Long-Rumored 2017 Chevrolet Colorado ZR2 Takes an Official Bow in Los AngelesPosted in News on November 16, 2016
Chevrolet finally pulled the wraps off the open-secret (and much anticipated) Colorado ZR2 tonight, officially confirming the existence of a second off-road midsize pickup for the 2017 model year. Arriving just in time to do battle with the Toyota Tacoma TRD Pro, the ZR2 also marks a return of the legendary Chevrolet nameplate, which first appeared on the S-10 pickup in the mid-1990s. In fact, some claim the success of that first widebody ZR2 is what inspired Toyota to trot out its TRD-branded Tacoma off-roaders, and if that’s so, this truck marks the return of a true original.
Chevrolet claims the Colorado ZR2 reinvents the off-road pickup market in the same way the 2015 Colorado did for midsize pickups. Taking a quick look at the spec sheet suggests that claim may not be unfounded. With a 2-inch suspension lift and 3.5-inch increase in front and rear track, the Colorado boasts aggressive proportions unmatched by anything in the segment. Indeed, the Tacoma TRD Pro’s suspension lift is only 1 inch, and it rides on a 1-inch-wider track. By comparison, the wider hips and higher stance of the ZR2 give it a decidedly Raptor-esque appearance.
That appearance is going to be the first thing most people notice when Colorado-spotting. The ZR2 finally does away with the Colorado’s intrusive, low-hanging front air dam, replacing it with a high-clearance front bumper that improves approach angles. Around back, a redesigned rear end does the same for departure angles, while added ground clearance and functional steel-tube rocker protectors aid with breakover. ZR2-specific 17x8-inch aluminum wheels come wrapped with Goodyear Wrangler Duratrac tires measuring 31 inches. The most surprising styling touch is the bed-mounted spare tire carrier, a feature we weren’t expecting to make the jump from the 2015 Los Angeles Auto Show’s ZR2 concept. It looks very cool, although we hope an underbody carrier will also be available for when cargo is more important than looks.
In many ways, the ZR2 might be considered a smaller, cheaper Raptor rival, rather than a foe for the TRD Pro. The suspension on the ZR2 is stuffed with high technology, including unique shock absorbers that use Dynamic Suspensions Spool Valve (DSSV) technology, from supplier Multimatic. The Colorado ZR2 marks the first off-road application of DSSV, which is more commonly found on Formula One racing cars and on-road track stars like the bygone Chevrolet Camaro Z/28. We’ll get an up-close with the shock machinery soon, but suffice it to say, they pack a lot of punch in their high-tech wrappers, and they might even offer greater response and control than anything in the off-road market today, including the Raptor. The widened track is thanks to cast-iron control arms, offering greater durability and suspension travel than on the regular Colorado.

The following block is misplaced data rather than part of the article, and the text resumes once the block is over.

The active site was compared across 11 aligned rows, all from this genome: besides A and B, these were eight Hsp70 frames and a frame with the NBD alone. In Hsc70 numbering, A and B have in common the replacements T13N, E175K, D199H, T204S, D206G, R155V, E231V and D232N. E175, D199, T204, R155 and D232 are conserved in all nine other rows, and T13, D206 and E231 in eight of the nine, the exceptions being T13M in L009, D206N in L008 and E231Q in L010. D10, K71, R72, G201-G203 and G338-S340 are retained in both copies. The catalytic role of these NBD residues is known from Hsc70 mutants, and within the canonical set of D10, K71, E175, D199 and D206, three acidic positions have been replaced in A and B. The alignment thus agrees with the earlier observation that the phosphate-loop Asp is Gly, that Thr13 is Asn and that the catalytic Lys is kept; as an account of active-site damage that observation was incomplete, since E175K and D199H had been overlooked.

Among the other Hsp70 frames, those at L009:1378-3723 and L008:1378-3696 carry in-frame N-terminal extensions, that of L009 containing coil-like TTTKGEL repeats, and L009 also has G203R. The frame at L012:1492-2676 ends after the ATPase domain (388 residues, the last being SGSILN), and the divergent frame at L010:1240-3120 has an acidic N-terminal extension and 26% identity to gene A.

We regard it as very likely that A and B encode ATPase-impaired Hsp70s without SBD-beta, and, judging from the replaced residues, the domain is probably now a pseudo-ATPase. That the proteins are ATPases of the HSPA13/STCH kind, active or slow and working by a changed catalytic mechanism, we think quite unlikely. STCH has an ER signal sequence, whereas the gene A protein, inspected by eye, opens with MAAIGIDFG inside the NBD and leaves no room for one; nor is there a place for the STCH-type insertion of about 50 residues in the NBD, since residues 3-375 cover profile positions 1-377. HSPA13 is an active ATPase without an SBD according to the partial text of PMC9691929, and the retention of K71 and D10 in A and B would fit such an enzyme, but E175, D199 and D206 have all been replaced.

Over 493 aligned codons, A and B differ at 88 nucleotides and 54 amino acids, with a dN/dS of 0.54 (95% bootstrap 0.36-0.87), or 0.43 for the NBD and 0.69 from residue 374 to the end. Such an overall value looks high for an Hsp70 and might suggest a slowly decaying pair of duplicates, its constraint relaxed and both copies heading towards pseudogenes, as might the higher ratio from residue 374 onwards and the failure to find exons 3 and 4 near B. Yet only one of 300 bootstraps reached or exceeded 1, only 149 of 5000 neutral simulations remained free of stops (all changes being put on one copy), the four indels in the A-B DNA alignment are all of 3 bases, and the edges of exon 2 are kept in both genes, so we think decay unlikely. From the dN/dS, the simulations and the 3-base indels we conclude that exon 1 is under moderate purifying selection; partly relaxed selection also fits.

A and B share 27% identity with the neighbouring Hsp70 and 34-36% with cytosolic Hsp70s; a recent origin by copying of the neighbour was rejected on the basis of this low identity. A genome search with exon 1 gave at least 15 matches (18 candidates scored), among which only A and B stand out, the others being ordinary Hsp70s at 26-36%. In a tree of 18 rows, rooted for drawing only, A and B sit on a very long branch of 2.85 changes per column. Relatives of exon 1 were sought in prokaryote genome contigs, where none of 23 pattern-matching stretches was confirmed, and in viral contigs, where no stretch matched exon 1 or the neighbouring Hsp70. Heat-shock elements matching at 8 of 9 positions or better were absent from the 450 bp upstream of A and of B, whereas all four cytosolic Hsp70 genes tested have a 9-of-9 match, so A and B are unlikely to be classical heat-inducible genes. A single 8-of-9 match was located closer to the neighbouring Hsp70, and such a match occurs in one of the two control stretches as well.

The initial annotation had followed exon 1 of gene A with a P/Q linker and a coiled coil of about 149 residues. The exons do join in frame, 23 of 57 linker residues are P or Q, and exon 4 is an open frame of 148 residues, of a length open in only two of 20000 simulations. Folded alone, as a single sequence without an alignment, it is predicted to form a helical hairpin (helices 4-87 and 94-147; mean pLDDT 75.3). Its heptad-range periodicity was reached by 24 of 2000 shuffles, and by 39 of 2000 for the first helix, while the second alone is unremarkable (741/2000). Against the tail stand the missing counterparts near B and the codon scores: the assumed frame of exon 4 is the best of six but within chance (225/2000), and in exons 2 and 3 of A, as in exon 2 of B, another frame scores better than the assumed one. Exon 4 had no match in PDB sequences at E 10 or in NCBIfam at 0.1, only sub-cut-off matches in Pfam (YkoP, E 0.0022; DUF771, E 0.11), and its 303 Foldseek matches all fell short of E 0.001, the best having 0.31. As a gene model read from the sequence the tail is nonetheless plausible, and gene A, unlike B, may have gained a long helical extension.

Further compelling the Raptor-ZR2 comparison is the midsize truck’s off-road technology. The two-speed transfercase can be set in one of nine different modes, each with a distinct off-road mission. Two-wheel-drive operation is available with and without a locked rear differential, meaning lurid, dirty powerslides should be a snap. The same can be said of Auto 4WD, for a little added control. 4WD Hi locks the transfer case, with or without a locked rear differential, and 4WD Lo does the same with lower gearing and the option of an unlocked rear diff, locked rear diff, or locked front and rear diffs, as would be appreciated in low-speed, technical rock crawling.
Chevy offers both gas and diesel powertrains on its off-roader, with either a 308hp, 275–lb-ft 3.6L gas V-6 or the well-regarded 2.8L Duramax I-4, making 181 hp and 269 lb-ft. Furthermore, the stability and traction control systems are optimized for each transfercase mode, with a dedicated Off-Road Mode button providing precise calibrations for the electronic nannies.
As on most off-roaders, towing capacity dips compared to the conventional Colorado. Whereas a standard Colorado gasser can handle up to 7,000 pounds and a diesel up to 7,700, the ZR2’s trailer rating is a still-reasonable 5,000 pounds. Up to 1,100 pounds of payload can come along for the ride, enough for a pair of motocross bikes and a weekend’s worth of camping gear. However, it must be said that a Tacoma TRD Pro can handle more weight in both categories, with a towing rating of 6,400 pounds and a maximum payload of 1,175. Off-road enthusiasts who occasionally haul large-ish trailers would be better served by either the Taco or the larger F-150 Raptor.
Chevrolet sees the 2017 Colorado ZR2 as a sweet-spot offering in the pickup marketplace, giving more off-road technology and capability than other midsizers, but with lighter weight, greater efficiency, and improved maneuverability compared to fullsize off-road pickups. It remains to be seen whether those claims are true, but we’re excited to find out when the Colorado ZR2 goes on sale, hopefully near the beginning of next year.